Nine of every 10 women in the country have been sexually harassed either through a phone call or text, a report by a caller-identification app has revealed.
The survey that was carried out by Truecaller between November 22 last year and February 24 also showed that one of five women in Nairobi receives calls of a sexual and inappropriate nature.
Forty-seven per cent of the sexual harassment calls and texts were traced to inmates in the country’s prisons, with the remaining 53 per cent coming from unknown people and stalkers.
“The fact that the harassers are selecting women at random is perplexing and irritating, especially in a country like Kenya where the level is high,” says the report
The survey was also conducted in Brazil, Egypt, India, and Columbia.
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The report combined quantitative research conducted by Ipsos in each local market, with face-to-face interviews with local women to give context and reality to the data.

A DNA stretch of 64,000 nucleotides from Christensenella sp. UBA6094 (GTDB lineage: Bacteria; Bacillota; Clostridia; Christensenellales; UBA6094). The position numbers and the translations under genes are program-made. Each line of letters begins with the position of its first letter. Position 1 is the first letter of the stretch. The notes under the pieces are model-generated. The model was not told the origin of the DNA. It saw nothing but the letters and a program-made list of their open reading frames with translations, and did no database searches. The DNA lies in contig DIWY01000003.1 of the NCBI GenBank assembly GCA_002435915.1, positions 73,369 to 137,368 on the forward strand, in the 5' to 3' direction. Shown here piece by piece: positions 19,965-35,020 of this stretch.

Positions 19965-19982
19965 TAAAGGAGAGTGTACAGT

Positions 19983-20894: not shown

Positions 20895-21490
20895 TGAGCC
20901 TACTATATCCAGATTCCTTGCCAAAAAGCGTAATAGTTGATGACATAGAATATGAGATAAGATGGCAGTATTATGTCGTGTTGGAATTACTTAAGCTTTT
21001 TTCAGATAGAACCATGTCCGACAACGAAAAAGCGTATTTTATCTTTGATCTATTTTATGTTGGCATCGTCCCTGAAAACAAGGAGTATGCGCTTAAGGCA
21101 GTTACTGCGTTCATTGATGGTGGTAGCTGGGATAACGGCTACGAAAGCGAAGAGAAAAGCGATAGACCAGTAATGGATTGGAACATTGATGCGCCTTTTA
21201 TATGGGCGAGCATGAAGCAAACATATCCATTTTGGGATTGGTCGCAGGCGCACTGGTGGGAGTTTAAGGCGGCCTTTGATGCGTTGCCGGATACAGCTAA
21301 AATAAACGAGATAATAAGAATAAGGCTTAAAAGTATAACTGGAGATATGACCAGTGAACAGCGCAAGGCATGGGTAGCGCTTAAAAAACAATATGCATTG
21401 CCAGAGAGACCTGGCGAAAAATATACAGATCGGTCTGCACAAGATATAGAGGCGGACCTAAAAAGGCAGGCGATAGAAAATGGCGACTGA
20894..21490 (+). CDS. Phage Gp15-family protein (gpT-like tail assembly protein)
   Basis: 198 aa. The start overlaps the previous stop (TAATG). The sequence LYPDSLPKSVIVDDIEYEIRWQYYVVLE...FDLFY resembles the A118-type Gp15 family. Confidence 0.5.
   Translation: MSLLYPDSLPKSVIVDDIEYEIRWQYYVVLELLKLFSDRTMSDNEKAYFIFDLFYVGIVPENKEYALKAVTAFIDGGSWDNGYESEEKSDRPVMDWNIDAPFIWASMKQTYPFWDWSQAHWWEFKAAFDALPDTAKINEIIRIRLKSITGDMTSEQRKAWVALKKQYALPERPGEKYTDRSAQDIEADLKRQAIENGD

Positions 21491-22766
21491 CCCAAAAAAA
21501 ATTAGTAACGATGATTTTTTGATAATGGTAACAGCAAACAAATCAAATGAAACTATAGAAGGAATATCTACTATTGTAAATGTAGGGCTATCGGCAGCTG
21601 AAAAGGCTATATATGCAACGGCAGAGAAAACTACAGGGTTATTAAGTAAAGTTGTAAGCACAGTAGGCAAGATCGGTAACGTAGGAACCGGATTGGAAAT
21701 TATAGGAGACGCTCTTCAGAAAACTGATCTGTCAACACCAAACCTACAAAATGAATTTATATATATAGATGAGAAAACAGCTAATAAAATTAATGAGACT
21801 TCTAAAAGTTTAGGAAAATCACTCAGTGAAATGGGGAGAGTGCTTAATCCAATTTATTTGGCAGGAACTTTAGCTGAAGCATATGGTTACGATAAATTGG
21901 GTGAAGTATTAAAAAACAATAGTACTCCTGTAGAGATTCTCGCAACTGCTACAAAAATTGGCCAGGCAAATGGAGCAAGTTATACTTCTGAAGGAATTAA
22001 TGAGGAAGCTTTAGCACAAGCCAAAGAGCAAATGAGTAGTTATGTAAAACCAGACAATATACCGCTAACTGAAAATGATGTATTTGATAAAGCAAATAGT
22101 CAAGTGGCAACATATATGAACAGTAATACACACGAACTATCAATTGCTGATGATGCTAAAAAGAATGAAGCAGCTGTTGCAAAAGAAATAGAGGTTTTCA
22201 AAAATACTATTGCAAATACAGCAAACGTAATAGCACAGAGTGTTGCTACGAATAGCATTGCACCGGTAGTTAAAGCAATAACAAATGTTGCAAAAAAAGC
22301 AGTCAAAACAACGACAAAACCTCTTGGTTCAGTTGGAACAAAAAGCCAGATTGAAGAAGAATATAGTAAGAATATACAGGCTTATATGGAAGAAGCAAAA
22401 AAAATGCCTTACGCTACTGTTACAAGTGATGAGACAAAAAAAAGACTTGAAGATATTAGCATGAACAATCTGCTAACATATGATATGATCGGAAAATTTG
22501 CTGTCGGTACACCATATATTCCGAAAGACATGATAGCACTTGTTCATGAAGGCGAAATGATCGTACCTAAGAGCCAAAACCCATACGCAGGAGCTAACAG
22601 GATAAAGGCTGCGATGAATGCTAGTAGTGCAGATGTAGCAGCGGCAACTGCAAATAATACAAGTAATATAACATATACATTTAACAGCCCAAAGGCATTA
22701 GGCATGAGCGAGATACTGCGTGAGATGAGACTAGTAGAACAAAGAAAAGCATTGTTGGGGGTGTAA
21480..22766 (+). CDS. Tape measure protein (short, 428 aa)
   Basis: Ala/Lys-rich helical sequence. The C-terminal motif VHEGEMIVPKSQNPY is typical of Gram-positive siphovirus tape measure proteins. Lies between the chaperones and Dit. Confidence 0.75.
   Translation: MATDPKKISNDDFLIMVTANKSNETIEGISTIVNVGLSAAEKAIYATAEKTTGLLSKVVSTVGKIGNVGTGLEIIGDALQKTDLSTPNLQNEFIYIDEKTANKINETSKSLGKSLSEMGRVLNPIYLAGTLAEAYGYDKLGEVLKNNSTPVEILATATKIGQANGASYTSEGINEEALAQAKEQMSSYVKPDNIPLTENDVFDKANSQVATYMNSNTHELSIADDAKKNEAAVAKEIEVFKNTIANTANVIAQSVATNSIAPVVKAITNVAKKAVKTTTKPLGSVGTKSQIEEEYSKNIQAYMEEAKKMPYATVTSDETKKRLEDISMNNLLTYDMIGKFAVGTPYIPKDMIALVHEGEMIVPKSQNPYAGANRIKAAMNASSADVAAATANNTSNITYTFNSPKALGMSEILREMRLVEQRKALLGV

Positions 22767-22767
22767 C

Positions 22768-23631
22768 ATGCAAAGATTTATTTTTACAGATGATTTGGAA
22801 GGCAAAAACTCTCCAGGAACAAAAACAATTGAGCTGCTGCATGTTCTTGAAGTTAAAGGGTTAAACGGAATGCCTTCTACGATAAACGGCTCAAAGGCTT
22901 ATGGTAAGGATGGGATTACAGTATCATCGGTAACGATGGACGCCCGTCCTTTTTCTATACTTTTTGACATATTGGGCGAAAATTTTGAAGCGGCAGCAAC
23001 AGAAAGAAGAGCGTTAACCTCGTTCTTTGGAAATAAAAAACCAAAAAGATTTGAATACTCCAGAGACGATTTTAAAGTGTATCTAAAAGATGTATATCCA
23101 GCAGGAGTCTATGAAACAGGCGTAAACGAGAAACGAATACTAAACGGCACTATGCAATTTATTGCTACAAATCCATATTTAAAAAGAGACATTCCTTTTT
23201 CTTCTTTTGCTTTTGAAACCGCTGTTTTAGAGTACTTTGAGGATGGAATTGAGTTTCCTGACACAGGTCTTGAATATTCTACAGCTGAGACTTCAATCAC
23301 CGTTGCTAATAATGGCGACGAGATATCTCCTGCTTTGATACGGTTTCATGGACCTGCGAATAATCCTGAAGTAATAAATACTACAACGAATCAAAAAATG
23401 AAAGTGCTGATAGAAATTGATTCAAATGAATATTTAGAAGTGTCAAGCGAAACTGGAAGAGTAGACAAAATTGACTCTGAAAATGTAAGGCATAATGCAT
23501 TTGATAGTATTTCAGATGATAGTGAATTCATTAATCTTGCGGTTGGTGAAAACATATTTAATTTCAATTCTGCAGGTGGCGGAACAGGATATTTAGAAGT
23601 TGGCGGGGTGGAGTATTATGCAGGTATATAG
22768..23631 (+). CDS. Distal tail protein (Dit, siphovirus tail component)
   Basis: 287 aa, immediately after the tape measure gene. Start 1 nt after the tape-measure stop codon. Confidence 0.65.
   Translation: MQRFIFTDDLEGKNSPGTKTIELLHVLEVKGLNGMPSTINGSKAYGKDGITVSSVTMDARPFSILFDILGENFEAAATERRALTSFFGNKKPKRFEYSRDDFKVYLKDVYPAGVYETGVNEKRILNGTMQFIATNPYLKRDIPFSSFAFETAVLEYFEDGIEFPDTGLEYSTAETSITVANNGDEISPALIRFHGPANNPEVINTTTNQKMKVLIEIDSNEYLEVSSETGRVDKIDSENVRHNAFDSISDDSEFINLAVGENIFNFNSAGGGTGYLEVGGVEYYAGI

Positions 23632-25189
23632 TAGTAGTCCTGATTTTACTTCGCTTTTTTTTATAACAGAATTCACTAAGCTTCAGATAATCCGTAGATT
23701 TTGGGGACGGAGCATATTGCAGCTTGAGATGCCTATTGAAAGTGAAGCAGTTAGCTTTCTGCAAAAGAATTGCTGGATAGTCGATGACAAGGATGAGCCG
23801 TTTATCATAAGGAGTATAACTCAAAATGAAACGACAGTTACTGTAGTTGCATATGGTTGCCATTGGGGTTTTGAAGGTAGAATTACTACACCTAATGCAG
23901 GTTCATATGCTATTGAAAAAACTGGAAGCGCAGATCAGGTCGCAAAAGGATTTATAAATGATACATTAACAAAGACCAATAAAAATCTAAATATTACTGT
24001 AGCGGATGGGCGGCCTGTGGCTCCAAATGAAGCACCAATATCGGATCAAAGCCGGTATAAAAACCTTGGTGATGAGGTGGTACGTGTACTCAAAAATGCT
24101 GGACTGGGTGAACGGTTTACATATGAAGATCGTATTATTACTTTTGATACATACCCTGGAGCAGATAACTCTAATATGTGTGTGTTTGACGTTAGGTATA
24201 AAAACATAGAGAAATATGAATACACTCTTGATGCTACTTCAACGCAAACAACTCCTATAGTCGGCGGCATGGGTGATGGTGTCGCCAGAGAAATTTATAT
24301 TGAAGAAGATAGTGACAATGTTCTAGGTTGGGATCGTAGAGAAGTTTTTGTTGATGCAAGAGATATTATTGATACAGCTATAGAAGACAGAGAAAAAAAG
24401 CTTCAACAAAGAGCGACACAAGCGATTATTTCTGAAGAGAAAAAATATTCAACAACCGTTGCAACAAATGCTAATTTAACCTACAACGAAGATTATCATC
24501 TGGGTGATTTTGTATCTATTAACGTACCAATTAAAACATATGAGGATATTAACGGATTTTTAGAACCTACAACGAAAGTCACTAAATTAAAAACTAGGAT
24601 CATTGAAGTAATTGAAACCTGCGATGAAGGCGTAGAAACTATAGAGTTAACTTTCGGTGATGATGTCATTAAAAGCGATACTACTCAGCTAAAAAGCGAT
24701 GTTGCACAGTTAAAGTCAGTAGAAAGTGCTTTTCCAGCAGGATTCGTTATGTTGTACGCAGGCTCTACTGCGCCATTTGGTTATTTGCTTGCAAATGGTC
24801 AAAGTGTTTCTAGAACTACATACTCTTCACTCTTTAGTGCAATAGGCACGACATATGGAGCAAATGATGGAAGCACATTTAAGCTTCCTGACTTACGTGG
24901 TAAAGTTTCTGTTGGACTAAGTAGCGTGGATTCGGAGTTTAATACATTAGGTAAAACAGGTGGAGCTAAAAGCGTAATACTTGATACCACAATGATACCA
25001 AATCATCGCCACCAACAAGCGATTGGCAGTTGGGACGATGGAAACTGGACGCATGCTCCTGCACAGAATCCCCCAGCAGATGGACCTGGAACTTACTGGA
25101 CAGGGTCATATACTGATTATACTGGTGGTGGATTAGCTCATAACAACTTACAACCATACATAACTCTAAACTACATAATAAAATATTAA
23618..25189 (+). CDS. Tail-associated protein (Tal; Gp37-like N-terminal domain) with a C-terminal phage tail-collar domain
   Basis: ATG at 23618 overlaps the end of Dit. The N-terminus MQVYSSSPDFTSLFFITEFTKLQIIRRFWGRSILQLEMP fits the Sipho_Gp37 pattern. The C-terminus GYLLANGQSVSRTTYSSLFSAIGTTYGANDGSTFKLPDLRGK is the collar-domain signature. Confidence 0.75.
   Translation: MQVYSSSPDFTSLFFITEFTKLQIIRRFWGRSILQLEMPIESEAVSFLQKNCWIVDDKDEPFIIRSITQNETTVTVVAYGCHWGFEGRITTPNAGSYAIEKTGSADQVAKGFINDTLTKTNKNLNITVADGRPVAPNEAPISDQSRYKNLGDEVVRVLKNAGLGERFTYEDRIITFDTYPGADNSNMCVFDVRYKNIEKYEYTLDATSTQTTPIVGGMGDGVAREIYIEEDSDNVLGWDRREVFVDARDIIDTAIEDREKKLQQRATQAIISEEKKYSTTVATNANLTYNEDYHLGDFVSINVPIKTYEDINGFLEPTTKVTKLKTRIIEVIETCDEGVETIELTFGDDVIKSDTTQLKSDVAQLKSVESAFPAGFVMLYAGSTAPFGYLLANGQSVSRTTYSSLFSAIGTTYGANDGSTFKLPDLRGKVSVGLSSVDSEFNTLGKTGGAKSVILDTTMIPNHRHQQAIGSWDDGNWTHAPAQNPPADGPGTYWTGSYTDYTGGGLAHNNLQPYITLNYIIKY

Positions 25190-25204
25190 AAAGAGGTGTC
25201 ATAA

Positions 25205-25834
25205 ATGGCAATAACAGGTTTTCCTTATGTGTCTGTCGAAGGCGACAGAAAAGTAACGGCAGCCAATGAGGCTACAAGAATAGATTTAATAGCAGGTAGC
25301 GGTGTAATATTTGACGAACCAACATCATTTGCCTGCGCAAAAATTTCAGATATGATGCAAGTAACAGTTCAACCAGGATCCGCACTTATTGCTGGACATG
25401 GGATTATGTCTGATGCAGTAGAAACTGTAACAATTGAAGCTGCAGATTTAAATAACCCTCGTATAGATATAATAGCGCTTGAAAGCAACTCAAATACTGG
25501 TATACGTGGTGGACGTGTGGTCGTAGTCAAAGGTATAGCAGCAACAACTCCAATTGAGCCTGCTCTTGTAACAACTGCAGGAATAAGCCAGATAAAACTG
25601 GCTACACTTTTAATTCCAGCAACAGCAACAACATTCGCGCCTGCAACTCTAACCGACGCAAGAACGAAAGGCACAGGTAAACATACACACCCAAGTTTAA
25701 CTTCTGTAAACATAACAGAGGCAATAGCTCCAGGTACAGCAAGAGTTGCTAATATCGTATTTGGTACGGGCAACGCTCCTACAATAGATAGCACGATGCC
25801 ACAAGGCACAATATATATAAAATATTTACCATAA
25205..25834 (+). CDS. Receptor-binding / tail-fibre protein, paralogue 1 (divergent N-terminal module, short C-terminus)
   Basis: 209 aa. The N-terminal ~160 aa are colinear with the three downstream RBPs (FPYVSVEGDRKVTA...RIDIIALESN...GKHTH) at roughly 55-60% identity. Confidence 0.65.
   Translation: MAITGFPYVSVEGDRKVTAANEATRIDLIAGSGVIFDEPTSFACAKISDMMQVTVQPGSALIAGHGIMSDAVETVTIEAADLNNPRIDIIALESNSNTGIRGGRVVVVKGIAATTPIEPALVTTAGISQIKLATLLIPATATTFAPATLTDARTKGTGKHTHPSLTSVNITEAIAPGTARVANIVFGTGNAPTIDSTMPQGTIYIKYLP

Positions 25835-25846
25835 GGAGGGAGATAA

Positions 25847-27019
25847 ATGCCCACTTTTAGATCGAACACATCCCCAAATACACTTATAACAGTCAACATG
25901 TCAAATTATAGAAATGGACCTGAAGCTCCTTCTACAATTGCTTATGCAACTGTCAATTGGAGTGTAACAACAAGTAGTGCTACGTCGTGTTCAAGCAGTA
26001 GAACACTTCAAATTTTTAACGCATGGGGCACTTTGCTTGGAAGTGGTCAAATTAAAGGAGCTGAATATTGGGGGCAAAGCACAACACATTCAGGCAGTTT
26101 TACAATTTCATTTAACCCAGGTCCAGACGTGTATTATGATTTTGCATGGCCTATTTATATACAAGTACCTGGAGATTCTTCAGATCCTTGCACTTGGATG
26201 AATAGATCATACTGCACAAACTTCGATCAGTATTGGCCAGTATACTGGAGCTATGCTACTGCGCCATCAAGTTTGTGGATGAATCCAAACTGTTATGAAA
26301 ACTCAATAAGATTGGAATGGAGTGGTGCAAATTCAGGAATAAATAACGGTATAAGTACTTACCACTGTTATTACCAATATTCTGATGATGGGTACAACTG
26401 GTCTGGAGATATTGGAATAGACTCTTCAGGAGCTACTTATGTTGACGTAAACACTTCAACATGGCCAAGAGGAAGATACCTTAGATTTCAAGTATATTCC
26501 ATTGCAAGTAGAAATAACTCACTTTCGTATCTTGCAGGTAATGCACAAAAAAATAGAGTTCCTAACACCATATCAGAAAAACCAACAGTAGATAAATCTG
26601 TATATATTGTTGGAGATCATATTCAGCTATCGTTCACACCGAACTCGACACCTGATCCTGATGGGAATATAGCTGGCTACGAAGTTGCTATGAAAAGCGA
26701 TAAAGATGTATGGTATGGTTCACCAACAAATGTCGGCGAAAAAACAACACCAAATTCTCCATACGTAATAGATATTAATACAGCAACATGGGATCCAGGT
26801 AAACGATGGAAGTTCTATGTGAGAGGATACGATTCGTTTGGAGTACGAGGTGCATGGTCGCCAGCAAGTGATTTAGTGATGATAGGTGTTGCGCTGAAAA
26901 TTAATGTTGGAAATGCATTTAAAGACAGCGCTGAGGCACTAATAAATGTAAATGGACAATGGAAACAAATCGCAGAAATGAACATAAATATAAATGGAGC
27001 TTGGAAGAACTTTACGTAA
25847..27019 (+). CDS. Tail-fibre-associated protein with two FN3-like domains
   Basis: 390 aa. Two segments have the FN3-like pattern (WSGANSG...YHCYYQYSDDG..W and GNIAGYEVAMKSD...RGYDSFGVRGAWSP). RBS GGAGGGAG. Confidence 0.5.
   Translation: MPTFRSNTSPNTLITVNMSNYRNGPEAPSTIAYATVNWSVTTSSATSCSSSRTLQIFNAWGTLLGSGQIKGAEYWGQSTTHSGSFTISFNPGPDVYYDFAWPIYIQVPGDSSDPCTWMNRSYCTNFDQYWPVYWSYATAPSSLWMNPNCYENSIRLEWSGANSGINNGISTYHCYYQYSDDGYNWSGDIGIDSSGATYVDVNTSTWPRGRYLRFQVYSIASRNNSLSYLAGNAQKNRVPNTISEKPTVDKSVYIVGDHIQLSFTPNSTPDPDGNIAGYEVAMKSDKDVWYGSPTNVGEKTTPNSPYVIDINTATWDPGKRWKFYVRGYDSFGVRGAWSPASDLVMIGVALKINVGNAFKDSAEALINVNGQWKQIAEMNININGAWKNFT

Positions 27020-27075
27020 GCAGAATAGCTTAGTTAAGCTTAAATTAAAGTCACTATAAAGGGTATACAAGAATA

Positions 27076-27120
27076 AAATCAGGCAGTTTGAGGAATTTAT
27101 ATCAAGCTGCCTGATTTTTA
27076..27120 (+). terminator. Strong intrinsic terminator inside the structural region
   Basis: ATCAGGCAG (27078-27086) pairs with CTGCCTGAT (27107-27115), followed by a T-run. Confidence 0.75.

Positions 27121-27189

Surprisingly, only 11 per cent of the women considered the lewd calls and messages to be harassment, the report shows. Few harassers, it added, are identified.
“How can someone just call you out of the blue and start telling you how they have been liking you, how they really want to meet you, and you have no idea who this person is,” the report quoted a businesswoman who only gave her name as Lucy, as saying.
The survey revealed that women in Nairobi, Mombasa, Kiambu and Nakuru received the most nuisance calls.
The most common reactions by the recipients were anger and irritation, although the women also tended to worry and fear for their safety.
“Up to 53 per cent show anger, 42 per cent are offended, 30 per cent show irritation, 27 per cent are troubled and 26 per cent show fear,” the report said.
The survey further noted that only two of 10 women in Kenya had the courage to take any action against their harassers, which included reporting the matter to authorities.
“For Kenyan women, with little support from authorities and local attitudes, harassment often has to be severe before they speak out. Blocking phone numbers is the number one action taken to stop harassment calls followed by ignoring them,” the report read.
According to the survey, Kenyan women have become careful about sharing their phone numbers.
Ten per cent of respondents said they shared their number once a week, five per cent said twice a week, seven per cent said three to five times in a week while three per cent of women gave their numbers at least six or seven times in one week.